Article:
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New to Canada? Here's How to Get Car Insurance

March 18, 2021
4 mins
A man sits behind the driver's seat of his vehicle on a sunny day

If you’re a new to Canada, welcome home! As the mayor of Dawson City, Yukon, once said, “Canadians are born all over the world, it just sometimes takes them a bit of time to get here.” I emigrated to Canada when I was very young and received my citizenship in 1974. My citizenship card is one of my prized possessions, and not just because I still had hair in the photograph.

Canada has always been a “net immigration” country — simply put, we are growing our population and economy with newcomers. In 2020, Canada welcomed 184,000 new arrivals. It was the lowest level since 1998 as a result of the COVID-19 pandemic.

For newcomers to Canada, getting a car insurance policy is a legal requirement if you wish to own and drive a vehicle anywhere in the country.

Car insurance varies by province

Car insurance regimens not only vary from country to country, but also from province to province.

In British Columbia, Saskatchewan, and Manitoba, there is a single issuer for automobile insurance — the respective provincial governments. Quebec combines public and private insurance coverage. The remaining provinces and territories allow private insurance companies to provide drivers with the auto insurance coverage they need.

It may seem complicated to negotiate the auto insurance landscape in Canada. But there are two rules that apply across the board:

1) It is mandatory to have at least basic insurance coverage.

2) You’ll need a valid Canadian driver’s licence. If you intend to use a foreign driver’s licence to drive in Canada, you can for a short time but check with the province or territory you are living in to find out how long you are permitted to do so. For example, in Ontario, the licence from the country you emigrated from is valid for up to 60 days. If you wish to use a foreign driver’s licence, the Canadian government recommends you get an international driving permit in your home country.

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Getting a Canadian driver’s licence

Exchanging a foreign driver’s licence for a Canadian one depends on your eligibility. Your driving experience is considered, but each province and territory has its own criteria you must meet. In general, you may need to take an eye test and write an exam on the rules of the road as well as taking up to two driving tests.

Most provinces have adopted a form of a graduated licensing program. For example, to get a full G licence in Ontario, you must advance through different stages first. Ontario’s program involves passing a written test to receive a G1 licence (the first step), which requires that you are accompanied by a fully licensed driver whenever you drive with at least four years of experience.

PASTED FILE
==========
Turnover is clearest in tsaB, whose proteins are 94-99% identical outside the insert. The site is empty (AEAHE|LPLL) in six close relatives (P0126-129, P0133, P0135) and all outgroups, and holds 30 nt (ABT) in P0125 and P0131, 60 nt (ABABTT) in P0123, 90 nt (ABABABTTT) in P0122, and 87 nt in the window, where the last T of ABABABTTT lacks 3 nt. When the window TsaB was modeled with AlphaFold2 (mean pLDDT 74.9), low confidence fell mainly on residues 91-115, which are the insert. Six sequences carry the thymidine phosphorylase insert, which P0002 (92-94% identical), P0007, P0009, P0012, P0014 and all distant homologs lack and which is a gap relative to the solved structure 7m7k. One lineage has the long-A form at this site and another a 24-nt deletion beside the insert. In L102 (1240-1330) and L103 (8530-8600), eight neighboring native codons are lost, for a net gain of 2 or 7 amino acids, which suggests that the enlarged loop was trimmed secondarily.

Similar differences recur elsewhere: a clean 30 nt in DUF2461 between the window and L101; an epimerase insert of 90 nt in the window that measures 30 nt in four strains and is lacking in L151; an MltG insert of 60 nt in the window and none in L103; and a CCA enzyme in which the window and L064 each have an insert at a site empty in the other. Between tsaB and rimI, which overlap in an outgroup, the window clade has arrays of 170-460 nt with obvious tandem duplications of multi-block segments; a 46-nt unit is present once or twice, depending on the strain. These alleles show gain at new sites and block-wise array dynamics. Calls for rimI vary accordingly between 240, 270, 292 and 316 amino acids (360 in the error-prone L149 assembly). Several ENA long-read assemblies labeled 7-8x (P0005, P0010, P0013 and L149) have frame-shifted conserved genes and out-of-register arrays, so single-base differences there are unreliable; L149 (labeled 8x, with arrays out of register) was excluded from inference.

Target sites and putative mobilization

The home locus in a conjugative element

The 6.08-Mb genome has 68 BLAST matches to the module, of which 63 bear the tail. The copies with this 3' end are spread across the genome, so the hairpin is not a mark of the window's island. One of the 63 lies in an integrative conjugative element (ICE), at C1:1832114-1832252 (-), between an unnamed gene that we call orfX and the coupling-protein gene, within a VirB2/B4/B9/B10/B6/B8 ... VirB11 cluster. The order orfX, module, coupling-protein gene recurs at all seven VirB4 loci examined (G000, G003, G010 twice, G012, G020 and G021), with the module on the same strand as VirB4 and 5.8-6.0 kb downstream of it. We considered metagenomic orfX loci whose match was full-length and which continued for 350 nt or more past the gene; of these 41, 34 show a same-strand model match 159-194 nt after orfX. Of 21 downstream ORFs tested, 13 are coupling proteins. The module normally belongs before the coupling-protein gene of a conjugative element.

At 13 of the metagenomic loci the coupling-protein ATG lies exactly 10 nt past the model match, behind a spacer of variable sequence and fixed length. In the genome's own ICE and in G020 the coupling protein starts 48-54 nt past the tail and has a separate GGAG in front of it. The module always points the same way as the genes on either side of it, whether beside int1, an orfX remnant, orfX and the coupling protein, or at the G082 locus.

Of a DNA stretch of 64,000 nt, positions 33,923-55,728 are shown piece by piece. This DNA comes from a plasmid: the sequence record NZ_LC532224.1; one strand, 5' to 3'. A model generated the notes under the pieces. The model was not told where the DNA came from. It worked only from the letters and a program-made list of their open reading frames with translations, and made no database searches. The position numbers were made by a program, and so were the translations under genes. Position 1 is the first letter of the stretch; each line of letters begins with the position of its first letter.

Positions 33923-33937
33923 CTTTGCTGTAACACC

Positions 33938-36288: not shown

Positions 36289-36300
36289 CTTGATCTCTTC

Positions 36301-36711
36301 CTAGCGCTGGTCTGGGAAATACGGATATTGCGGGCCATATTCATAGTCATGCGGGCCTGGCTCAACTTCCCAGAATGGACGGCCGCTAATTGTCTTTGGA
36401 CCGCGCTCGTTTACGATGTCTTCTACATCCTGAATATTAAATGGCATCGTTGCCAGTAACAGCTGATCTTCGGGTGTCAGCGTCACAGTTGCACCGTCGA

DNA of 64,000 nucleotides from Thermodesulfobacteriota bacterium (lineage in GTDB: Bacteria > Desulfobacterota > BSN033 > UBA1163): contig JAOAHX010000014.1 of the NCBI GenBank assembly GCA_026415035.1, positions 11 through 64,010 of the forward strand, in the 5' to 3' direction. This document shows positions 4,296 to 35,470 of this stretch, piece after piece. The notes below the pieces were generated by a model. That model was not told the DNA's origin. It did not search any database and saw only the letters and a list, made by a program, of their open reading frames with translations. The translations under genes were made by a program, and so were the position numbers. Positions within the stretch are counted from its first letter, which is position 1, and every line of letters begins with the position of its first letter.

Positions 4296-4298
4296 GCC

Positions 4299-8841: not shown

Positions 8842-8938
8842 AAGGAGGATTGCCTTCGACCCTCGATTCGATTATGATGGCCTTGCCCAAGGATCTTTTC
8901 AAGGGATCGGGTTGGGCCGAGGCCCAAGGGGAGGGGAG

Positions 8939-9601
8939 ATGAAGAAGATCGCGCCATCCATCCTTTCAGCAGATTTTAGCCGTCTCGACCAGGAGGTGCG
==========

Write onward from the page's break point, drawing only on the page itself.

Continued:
The next step is getting a G2 licence. It requires passing a road test, and while G2 drivers can drive alone, there are restrictions. For example, if you’re 20 years-old or older, the number of passengers in the vehicle you’re driving cannot exceed the number of working seatbelts, and there’s absolutely zero tolerance for alcohol or drug consumption. If you’re 19 years-old or under, you may only have one passenger aged 19 and under when driving between midnight and 5 a.m. for the first six months of getting a G2. After six months, you are permitted to have up to three passengers aged 19 or under. After driving for 12 months with a G2 licence, you may take a road test to qualify for a full licence.

Other provinces and territories have their own rules for obtaining a driver’s licence:

Finding the best car insurance premium

A lot of factors go into the calculation of your car insurance premium. Some of these factors include age, driving record, and experience — the longer you’ve been driving, the lower your rate. A letter of experience from your previous insurance company may help, but insurers aren’t obligated to consider it. Ask potential providers if they will factor it into your rates.

There are other things you can do to reduce the cost of your policy, including:

  • Bundle home and auto policies. If you’re getting car insurance, chances are you’re also looking into buying home insurance or condo insurance. If you purchase both policies from the same provider, you qualify for what’s known as a multiline discount, which will reduce your overall insurance bill by about 15%.
  • Sign up for usage-based insurance (UBI). Some insurers offer UBI programs which tracks driving behaviour, distance travelled, and other factors. Enrolling in a UBI program usually triggers a 5% to 10% discount off the bat. By demonstrating safe driving behaviour consistently, you can earn up to a 25% discount on your premium.
  • Shop around. There are plenty of options in provinces like Alberta and Ontario which don’t have a publicly mandated system. Get a free insurance quote for driving in those provinces and compare policies and premiums to find the most affordable price for the coverage you need.
Dave Webb

Dave Webb is a writer and editor of 30 years’ experience. He has written about municipal politics, conservation issues, information technology, medical technology, music, and the manmade diamond industry along with insurance. And some sports. He is also an avid semi-professional roots musician. He lives in Toronto.

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